Domestic violence brings potential harm to the home. It can hurt adults
or children. The harm can be emotional, mental, physical or economic.
Many are aware that it is a problem, but they still aren’t sure
how it affects legal decision making and parenting time in Arizona family court.
What is Domestic Violence?
Victims of domestic violence often don’t see themselves as victims
unless they can identify marks and/or scars to prove the abuse. Because
of this mindset, many do not seek the advantage of services that are designed
to help them. Under Arizona law, the following actions qualify as domestic
violence: sexual assault or physical injury to family/household member,
attempted sexual assault or physical injury to family/household member,
making a family/household member afraid that they are about to experience
physical injury, and patterns of abusive behavior serious enough to result
in the issuance of a protective order. Therefore, domestic violence can
take many forms: harassment, threats, physical assault, stalking, intimidation,
trespassing, property damage, unlawful imprisonment, kidnapping, photographing
or “watching” victims without their consent, etc. These acts
of domestic violence can occur face to face, in person but from a distance,
by phone, by text, by email, online, written, etc.
Who Can Obtain Protection from Domestic Violence Under Arizona Law?
According to Arizona law, family members and household members who are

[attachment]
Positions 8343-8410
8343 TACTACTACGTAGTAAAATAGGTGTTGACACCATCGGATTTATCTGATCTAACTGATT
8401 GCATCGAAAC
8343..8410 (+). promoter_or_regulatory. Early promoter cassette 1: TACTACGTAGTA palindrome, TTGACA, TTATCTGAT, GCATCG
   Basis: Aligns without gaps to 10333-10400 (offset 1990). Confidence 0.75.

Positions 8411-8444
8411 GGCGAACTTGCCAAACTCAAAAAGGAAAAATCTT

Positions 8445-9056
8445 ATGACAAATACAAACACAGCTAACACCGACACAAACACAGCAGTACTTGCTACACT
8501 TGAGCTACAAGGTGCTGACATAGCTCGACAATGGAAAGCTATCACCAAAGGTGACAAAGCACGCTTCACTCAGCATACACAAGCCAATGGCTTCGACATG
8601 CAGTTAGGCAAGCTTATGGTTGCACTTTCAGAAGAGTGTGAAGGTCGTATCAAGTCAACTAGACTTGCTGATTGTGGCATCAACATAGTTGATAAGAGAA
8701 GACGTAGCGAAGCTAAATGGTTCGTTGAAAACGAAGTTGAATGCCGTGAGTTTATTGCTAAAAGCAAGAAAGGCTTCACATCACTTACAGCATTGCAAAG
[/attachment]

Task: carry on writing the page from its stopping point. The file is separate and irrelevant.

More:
targets of domestic violence are entitled to protection. This includes
spouses, former spouses, co-habiting couples or couples who used to live
together, people who have a shared child, situations in which one partner
is pregnant with the other’s child, individuals who are related
by marriage or blood, children, people who are or were at some point involved
in a romantic/sexual relationship. When attempting to resolve domestic
violence issues the judge must look at the nature and length of the relationship,
frequency of interaction (past and present) and the length of time since
the relationship ended (if it is over).
How Does Domestic Violence Affect Legal Decision Making and Parenting Time
for Your Child?
Two of the factors the judges consider when
determining legal decision making and parenting time for your child directly relate to domestic violence: 1) whether there has
been domestic violence or child abuse, and 2) whether either parent has
falsely reported neglect or child abuse. In the Arizona family court,
evidence of domestic violence may be seen as contrary to the best interest
of the child. That means that a parent who has committed domestic violence
is less likely to be assigned legal decision making and less likely to
obtain a majority of parenting time.
If you need assistance with your legal decision making and parenting time
case and there is domestic violence involved, please get in touch with
the experienced divorce lawyers at
Arizona Family Law Attorneys. We can assist you obtaining the proper information to provide for the
court’s examination from rulings of other courts to police and medical